What the loss of my mum taught me about the burden of care on young women

When you lose a parent as a child or take on caring responsibilities, you mature more quickly than your peers. I never felt I had the luxury of being a tumultuous teen and often felt angry at my friends who were more rebellious. In hindsight, I think I resented their freedom

Harriet Whitehead
Sunday 26 May 2019 11:33 BST
Amber Rudd announces Universal Credit to be paid to women who are main carers

One of the most important things that losing my mum has taught me is that the burden of care falls to women and girls. My mum died of ovarian cancer 10 years ago, when I was 11. So, in my teens, I took on a different role in my family than most of my peers who still had their mums.

After she passed, I found that I gradually began to shoulder more responsibility for looking after elderly relatives, including my grandmother, and negotiating family dynamics. I know that if my mum were alive, the responsibility would have fallen to her. I feel I have inherited the role of caregiver, where my brothers did not. The burden of care refers to the physical, emotional, social and financial problems experienced by caregivers. For me, this burden mainly surrounded physical and emotional tasks.

My grandmother lived around the corner from me, so I would often do her shopping and run errands for her. When she became unwell I would do cooking and cleaning, help her take her medication and try to make sure she did not feel isolated. Even during exam periods, I would try to see her every day, so that I could spend a few hours helping her. I began to feel very anxious when I hadn’t seen her for a few days and would feel guilty for not being there. Eventually, she began to accept paid carers coming to her house, so when I visited I mainly just provided emotional support.

When you lose a parent as a child or take on caring responsibilities you mature more quickly than your peers. I never felt I had the luxury of being a tumultuous teenager and often felt angry at my friends who were more rebellious. In hindsight, I think I resented their freedom and the lack of expectation for them to care for family members.

The expectation that I felt is reflected in the UK’s care system. We know women are more likely to be unpaid carers than men and that a care worker shortage after Brexit could mean that women suffer an increased burden of care. This might lead to women reducing their hours in work and education in order to facilitate the care of those around them.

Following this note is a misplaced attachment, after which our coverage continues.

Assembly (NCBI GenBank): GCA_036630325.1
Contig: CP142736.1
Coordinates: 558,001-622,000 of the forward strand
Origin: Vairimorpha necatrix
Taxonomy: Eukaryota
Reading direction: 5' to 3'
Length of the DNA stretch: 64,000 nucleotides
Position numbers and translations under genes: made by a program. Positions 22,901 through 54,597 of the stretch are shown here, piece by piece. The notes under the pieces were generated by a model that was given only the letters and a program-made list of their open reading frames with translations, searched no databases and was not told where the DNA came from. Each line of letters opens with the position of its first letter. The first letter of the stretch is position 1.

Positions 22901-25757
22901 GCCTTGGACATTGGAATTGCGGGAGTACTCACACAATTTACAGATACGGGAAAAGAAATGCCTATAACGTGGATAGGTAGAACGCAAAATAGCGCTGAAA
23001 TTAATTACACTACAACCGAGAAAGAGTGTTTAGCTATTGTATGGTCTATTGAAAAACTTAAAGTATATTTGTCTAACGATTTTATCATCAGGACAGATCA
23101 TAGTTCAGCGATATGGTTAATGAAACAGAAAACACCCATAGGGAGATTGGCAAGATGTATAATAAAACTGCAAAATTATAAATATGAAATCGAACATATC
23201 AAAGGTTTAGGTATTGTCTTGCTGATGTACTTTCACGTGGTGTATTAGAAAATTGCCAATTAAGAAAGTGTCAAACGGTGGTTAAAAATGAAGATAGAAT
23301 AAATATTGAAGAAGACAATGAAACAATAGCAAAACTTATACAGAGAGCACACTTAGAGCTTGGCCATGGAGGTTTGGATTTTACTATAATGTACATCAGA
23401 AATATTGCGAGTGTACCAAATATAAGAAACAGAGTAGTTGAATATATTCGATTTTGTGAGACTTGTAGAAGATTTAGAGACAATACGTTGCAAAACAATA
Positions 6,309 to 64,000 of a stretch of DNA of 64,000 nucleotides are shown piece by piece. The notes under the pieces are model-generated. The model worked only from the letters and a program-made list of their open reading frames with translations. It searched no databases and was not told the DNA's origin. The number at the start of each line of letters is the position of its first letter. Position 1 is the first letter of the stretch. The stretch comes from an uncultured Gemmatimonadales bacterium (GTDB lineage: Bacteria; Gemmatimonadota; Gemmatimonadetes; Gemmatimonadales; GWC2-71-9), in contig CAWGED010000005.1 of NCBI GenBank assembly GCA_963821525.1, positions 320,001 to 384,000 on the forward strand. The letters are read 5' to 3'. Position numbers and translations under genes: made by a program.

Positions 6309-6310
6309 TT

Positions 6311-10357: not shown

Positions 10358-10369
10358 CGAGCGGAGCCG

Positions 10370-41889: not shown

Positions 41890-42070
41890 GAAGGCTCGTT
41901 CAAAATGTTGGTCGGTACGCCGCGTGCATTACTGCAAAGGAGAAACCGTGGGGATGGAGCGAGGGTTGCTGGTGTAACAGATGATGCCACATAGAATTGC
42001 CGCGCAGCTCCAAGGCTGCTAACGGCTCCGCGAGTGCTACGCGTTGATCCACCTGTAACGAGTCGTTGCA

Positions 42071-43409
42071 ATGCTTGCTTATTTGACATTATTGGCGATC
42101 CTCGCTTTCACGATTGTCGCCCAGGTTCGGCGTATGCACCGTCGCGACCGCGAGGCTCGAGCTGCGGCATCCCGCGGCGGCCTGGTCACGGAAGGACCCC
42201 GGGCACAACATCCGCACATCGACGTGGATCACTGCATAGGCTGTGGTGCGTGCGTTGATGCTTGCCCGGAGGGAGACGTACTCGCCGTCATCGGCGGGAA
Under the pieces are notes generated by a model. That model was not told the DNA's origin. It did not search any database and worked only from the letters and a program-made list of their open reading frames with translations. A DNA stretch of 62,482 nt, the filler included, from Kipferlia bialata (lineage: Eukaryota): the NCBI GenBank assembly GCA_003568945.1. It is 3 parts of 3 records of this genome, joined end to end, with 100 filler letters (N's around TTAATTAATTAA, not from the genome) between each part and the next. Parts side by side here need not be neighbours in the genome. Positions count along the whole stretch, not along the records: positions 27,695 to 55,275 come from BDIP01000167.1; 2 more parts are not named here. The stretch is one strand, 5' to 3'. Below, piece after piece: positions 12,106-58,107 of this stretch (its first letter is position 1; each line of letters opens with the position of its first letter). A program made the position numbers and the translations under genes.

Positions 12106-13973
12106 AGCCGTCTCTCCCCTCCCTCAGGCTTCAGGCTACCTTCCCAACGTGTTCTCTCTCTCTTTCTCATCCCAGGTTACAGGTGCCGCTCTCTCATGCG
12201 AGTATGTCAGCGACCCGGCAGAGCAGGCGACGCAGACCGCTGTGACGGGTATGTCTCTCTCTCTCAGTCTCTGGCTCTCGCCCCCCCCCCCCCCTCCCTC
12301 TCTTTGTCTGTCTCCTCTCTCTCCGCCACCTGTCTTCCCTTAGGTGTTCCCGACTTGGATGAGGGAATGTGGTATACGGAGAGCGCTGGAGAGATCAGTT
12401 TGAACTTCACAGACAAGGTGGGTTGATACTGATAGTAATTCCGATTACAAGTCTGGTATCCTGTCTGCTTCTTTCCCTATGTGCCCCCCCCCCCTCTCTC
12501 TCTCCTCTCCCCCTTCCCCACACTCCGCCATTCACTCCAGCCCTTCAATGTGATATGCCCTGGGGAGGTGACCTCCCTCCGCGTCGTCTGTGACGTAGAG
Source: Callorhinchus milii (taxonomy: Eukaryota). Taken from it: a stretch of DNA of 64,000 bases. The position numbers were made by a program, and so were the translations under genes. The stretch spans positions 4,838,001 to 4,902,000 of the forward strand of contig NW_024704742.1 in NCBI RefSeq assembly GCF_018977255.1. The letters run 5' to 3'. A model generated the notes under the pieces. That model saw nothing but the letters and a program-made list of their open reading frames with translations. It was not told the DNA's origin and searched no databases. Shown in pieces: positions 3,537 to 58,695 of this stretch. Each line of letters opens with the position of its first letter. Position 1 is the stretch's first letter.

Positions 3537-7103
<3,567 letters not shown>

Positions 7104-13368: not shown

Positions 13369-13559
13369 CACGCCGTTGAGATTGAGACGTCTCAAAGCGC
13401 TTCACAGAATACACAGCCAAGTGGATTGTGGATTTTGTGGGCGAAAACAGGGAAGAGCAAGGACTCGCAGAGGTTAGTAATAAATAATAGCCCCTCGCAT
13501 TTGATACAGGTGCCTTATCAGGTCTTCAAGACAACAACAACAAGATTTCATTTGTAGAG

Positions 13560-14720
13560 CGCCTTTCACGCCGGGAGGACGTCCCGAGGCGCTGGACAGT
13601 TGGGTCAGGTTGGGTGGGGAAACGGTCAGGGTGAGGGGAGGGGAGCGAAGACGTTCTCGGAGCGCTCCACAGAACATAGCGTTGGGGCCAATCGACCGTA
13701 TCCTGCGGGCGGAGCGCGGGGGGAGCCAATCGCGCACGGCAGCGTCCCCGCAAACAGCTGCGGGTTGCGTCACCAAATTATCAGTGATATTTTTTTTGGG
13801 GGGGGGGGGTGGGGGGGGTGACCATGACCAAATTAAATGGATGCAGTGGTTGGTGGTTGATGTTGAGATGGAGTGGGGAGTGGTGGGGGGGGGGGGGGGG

This care shortage would likely have a significant impact on young carers too. According to Barnardo’s, the average age of a young carer is 12. Young carers often experience traumatic life events and feel pressure to provide care. I felt that it was my duty to care for my grandmother, and any admission it was causing me anxiety would mean I had failed to care for her properly.

This pressure is partially why many young carers fly under the radar. The Carers Trust reported that 39 per cent of young carers said nobody in their school was aware of their extra responsibilities. This lack of awareness is reflected by the fact figures on the number of young carers in the UK vary so drastically.

The latest census found there were around 166,000 young carers in the UK, but a survey by the BBC and the University of Nottingham indicate there could be four times as many young carers in the UK as previously thought, and put the number closer to 700,000.

Of these young people, surveys suggest they are more likely to be young girls or children from black and minority ethnic communities. Barnardo’s 2017 investigation “Still Hidden, Still Ignored” found that young carer respondents were twice as likely to be female than male, and the Children’s Society found that young carers are 1.5 times as likely to be from black and minority ethnic communities.

The pressure on me to provide care was fuelled by societal expectation, rather than external pressures from my family. But I know I would not have felt these pressures to the same extent should I have been born a boy.

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My brothers help look after our elderly relatives and certainly are caring people. My older brother is even training to become a social worker – a good example of a job where the gender imbalance in care is reflected by the lack of men in the role. But I have always felt that the expectation of care falls to me. The care they provide is an extra, altruistic, act as opposed to a responsibility.

It is important to tackle this gender bias by distributing caregiving amongst family and society. This starts with getting rid of the idea that women and girls have an innate special gift for caregiving, improving the ways in which young carers are identified, and helping young carers find time to themselves to study and relax. My grandmother could afford for some paid carers to come to her home, which ultimately eased the burden on me and allayed my anxiety. For others, financial support should be provided through care allowances and help with finding jobs which can fit around caring responsibilities.

Losing my mum at a young age has changed how I view the social narrative surrounding caregiving. It has taught me that young girls are expected to have more emotional capacity to give care than adult men. So, given the current expectations of care in society, I now realise that although this inherited care burden was inevitable, mine was just premature.

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